- Peesapati, S. T., Schwanda, V., Schultz, J., Lepage, M., Jeong, S., Cosley, D. (2010). Pensieve: Supporting Everyday Reminiscence. Proceedings of CHI 2010. [PDF] [Publisher]
- Cosley, D., Schwanda, V., Peesapati, S. T., Schultz, J., Baxter, J. (2009). Experiences with a publicly deployed tool for reminiscing. Reminiscence Systems Workshop 2009. [PDF]
- Cosley, D., Akey, K., Alson, B., Baxter, J., Broomfield, M., Lee, S., Sarabu, C. (2009). Using Technologies to Support Reminscence. Proceedings of BCS HCI 2009. [PDF]
This project is an extension of the Pensieve project looking at people's desire for and use of social features allowing them to share their reminiscing. Some Pensieve users mentioned explicitly that they would like the ability to have this feature, so we have added the ability to share in the currently deployed version of Pensieve. We are also conducting interviews to explore the ways that people use technology for reminiscing and maintaining connections with others to inform the design of more nuanced social reminiscing features.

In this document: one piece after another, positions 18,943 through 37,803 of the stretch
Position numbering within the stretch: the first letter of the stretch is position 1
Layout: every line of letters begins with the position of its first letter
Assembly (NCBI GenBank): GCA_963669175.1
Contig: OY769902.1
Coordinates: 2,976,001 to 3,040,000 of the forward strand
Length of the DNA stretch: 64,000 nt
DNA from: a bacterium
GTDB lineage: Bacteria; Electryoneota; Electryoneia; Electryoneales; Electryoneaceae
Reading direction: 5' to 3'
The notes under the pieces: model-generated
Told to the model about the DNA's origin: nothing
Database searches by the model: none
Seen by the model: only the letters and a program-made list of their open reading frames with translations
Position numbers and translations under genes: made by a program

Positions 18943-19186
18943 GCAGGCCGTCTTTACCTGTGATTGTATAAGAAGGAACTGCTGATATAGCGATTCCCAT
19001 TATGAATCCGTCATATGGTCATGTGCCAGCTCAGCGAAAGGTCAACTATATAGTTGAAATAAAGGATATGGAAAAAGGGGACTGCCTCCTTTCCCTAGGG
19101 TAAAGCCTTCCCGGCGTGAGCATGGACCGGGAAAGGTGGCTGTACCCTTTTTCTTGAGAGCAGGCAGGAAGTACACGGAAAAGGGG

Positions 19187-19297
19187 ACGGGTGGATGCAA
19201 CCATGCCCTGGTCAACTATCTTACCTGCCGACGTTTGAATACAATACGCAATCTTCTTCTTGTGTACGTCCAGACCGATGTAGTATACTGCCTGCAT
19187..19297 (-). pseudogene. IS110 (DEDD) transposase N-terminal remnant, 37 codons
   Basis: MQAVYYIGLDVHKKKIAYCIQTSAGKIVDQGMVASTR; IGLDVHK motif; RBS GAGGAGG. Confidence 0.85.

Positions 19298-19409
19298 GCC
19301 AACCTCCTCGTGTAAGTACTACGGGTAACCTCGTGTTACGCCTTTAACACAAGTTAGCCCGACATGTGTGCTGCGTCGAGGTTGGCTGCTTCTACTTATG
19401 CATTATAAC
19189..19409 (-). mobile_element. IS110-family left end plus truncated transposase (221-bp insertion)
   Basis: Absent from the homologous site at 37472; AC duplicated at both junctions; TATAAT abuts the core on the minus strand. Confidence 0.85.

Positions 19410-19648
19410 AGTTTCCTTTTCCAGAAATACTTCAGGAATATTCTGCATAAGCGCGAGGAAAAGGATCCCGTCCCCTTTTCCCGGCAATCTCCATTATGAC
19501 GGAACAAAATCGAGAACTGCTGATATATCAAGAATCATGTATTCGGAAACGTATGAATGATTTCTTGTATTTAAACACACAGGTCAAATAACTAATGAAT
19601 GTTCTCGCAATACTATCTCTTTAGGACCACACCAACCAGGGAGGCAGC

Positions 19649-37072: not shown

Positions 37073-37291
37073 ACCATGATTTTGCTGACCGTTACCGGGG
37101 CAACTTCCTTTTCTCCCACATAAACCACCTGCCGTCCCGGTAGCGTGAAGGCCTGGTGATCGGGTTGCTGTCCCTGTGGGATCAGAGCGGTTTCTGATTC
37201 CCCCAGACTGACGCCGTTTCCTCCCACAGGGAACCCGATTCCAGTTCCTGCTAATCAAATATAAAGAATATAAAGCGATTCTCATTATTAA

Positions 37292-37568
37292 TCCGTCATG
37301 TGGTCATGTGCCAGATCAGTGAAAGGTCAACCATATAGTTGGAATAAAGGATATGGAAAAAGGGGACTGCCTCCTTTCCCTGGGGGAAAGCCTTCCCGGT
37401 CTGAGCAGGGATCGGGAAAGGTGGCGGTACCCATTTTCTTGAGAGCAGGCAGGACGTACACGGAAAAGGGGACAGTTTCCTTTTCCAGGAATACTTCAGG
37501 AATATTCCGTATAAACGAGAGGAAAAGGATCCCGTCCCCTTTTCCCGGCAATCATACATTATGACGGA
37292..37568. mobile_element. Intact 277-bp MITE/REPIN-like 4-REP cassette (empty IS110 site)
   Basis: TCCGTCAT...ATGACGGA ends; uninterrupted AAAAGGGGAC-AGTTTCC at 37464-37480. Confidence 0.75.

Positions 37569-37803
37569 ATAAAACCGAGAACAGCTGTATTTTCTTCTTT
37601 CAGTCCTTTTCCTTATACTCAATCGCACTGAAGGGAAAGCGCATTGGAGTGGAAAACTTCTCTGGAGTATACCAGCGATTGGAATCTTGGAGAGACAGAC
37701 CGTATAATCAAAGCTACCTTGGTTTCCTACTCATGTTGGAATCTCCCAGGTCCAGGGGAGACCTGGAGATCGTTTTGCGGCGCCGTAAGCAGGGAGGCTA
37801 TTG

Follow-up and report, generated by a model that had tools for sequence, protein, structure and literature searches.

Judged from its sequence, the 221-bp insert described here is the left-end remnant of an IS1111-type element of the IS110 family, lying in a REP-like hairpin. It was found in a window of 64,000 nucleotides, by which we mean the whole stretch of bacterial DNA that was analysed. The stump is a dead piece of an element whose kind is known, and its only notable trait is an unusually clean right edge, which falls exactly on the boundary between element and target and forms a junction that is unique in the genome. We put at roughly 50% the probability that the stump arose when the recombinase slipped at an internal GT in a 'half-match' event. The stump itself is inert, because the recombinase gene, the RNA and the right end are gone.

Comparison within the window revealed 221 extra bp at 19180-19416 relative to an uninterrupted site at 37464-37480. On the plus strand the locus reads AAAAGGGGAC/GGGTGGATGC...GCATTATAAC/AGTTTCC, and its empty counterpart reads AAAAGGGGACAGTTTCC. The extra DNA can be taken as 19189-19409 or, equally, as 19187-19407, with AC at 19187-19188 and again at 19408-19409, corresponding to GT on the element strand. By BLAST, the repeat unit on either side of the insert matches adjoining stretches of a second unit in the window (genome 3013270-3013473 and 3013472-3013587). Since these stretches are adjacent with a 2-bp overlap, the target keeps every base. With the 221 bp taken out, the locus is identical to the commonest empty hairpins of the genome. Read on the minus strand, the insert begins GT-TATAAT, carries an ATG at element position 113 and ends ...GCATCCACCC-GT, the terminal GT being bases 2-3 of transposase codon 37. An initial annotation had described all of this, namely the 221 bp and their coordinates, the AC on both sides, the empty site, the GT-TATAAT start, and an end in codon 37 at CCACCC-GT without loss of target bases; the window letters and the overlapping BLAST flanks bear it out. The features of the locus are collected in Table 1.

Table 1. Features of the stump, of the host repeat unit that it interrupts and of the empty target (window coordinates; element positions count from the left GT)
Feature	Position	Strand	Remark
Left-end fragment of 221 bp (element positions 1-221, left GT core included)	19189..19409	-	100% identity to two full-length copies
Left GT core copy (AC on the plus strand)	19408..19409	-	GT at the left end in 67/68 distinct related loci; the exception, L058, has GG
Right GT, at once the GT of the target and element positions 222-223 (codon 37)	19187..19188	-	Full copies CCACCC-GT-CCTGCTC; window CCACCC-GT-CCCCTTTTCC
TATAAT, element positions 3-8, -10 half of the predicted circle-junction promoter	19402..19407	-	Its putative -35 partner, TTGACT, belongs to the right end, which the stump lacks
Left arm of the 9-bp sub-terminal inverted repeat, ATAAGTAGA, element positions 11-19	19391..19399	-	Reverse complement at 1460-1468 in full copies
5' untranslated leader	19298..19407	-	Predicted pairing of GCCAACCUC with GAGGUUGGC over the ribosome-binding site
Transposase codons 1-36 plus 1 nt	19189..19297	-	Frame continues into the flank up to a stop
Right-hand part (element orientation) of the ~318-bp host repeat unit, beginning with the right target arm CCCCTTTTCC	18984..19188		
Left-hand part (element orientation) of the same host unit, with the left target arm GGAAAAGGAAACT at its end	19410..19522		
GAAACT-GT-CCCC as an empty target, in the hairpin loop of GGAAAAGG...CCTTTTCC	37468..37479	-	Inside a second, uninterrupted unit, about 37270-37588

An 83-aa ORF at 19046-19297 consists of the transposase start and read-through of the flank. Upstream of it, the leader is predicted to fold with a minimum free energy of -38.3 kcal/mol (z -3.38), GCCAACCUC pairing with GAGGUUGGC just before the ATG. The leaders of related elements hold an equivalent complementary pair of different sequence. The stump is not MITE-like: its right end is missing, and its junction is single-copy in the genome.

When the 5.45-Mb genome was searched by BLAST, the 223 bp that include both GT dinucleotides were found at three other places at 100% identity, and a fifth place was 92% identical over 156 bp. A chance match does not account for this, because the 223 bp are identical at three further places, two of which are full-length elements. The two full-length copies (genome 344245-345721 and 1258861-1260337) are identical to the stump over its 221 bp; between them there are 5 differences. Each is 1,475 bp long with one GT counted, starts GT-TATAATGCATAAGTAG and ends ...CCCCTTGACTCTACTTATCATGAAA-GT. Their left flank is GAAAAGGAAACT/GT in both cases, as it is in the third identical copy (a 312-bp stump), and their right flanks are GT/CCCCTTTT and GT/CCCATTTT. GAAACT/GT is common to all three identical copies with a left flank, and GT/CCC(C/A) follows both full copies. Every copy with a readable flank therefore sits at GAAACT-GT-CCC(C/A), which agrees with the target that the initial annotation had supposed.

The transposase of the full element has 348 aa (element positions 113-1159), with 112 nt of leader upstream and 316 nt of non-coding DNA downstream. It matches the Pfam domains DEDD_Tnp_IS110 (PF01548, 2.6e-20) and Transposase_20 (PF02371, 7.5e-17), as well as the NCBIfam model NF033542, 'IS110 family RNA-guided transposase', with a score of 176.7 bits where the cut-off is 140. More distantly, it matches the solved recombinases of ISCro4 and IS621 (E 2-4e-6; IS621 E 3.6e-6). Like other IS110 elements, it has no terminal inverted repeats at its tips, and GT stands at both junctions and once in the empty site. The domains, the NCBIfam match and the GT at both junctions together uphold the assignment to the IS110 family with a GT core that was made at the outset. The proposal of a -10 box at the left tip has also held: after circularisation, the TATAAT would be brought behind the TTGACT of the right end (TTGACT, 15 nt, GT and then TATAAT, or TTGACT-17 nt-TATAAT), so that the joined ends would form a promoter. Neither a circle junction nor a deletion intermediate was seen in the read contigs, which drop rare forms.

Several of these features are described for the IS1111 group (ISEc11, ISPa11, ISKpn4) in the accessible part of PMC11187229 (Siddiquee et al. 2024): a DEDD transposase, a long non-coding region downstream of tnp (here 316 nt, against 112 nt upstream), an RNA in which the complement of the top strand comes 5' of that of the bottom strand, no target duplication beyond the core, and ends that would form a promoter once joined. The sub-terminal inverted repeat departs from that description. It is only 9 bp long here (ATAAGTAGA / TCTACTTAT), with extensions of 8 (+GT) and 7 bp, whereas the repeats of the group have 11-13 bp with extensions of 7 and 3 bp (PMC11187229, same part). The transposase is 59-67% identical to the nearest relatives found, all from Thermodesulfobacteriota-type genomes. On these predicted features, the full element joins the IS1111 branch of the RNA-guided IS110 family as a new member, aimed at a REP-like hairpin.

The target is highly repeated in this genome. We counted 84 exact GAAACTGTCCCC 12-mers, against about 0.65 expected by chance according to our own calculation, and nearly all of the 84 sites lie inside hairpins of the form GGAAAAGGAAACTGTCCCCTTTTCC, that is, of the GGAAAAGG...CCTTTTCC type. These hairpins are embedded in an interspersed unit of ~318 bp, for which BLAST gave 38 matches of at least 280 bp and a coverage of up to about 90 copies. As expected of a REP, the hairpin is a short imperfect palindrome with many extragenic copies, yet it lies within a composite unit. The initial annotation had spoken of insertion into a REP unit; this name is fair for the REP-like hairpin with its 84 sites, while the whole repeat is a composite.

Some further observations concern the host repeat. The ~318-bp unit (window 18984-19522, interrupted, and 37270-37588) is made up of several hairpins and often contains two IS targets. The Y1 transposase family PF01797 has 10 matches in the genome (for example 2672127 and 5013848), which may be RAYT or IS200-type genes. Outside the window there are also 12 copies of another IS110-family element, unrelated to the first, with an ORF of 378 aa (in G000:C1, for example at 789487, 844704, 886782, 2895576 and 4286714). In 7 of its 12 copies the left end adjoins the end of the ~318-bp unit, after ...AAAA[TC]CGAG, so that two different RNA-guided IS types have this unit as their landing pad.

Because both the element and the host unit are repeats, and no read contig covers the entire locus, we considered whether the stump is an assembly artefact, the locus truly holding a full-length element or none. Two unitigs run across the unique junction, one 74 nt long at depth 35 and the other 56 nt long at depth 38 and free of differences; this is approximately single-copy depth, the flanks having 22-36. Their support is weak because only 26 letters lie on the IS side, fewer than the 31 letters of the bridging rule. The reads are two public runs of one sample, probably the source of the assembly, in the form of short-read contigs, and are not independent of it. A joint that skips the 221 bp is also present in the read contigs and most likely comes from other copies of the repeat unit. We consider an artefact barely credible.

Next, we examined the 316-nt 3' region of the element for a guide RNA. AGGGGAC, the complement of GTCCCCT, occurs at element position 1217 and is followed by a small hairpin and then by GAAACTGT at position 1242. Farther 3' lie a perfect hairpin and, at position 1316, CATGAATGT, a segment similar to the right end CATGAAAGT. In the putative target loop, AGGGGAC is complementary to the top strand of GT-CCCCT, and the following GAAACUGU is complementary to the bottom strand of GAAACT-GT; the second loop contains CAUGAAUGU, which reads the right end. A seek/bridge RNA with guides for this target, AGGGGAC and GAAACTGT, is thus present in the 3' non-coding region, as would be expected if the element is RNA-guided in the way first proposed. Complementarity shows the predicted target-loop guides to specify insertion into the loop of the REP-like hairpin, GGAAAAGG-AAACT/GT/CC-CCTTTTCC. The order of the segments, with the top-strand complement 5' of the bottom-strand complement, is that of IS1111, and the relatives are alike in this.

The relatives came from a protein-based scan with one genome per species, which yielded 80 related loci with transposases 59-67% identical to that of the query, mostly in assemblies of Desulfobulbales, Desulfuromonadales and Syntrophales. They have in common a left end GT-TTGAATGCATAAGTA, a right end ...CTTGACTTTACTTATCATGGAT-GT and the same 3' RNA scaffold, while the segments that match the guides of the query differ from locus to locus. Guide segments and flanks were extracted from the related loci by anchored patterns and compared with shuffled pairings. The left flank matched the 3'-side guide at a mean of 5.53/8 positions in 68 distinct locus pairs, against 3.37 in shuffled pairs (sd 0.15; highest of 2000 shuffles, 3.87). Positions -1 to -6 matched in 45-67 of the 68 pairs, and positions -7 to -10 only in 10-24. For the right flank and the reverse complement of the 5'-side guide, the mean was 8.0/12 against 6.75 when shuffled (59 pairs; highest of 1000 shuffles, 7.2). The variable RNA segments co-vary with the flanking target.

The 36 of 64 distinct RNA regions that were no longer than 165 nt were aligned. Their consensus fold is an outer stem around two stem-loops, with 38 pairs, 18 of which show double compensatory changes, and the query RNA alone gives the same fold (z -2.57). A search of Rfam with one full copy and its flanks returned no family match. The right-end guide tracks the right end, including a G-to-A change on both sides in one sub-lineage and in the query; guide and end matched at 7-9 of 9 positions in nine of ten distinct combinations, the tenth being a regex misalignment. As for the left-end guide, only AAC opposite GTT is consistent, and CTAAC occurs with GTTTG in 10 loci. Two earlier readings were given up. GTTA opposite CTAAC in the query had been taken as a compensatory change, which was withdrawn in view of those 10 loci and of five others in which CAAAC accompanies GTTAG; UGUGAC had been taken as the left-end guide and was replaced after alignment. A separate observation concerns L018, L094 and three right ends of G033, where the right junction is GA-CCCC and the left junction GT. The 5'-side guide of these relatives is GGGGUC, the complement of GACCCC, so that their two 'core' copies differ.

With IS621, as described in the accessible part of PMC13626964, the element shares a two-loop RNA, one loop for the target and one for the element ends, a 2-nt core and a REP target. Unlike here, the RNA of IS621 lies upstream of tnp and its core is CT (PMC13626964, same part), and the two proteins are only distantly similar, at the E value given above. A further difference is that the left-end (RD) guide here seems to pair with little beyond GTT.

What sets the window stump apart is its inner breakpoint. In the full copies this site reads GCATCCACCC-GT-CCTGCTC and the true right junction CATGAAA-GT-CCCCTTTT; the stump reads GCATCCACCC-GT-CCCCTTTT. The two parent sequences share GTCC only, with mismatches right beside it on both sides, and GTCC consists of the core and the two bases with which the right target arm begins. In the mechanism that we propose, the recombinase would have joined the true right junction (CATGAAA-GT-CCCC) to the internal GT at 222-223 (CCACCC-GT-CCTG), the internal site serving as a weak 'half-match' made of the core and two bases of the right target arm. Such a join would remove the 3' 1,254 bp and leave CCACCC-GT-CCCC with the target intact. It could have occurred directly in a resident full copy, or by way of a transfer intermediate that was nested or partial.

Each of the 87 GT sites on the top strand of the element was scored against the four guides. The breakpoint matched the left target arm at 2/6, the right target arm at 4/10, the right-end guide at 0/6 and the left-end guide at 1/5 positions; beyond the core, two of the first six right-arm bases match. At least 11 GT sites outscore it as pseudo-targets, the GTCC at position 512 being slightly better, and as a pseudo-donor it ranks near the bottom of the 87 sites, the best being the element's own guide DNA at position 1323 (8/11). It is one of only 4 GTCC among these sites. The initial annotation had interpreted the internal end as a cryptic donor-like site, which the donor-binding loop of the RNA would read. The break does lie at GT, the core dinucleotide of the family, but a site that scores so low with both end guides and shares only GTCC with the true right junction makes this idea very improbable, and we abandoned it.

Active: (Faculty) Dan Cosley (Phd) Amit Sharma, Elizabeth Murnane, Victoria Schwanda Sosik
Past: (Masters) Arundhati Bhat, Swati Popuri, Emily Kraus (Undergraduate) Allen Hoonkyo Lee
- Zhao, X., Salehi, N., Naranjit, S., Alwaalan, S., Voida, S., Cosley, D. (2013). The Many Faces of Facebook: Experiencing Social Media as Performance, Exhibition, and Personal Archive. CHI 2013 -- best paper. 1-10. [PDF] [Publisher]
- Zhao, X., Sosik, V. S., Cosley, D. (2012). It's Complicated: How Romantic Partners Use Facebook. CHI 2012. 771-780. [PDF] [Publisher]
- Sosik, V. S., Zhao, X., Cosley, D. (2012). See Friendship, Sort of: How Conversation and Digital Traces Might Support Reflection on Friendships. CSCW 2012. 1145-1154. [PDF] [Publisher]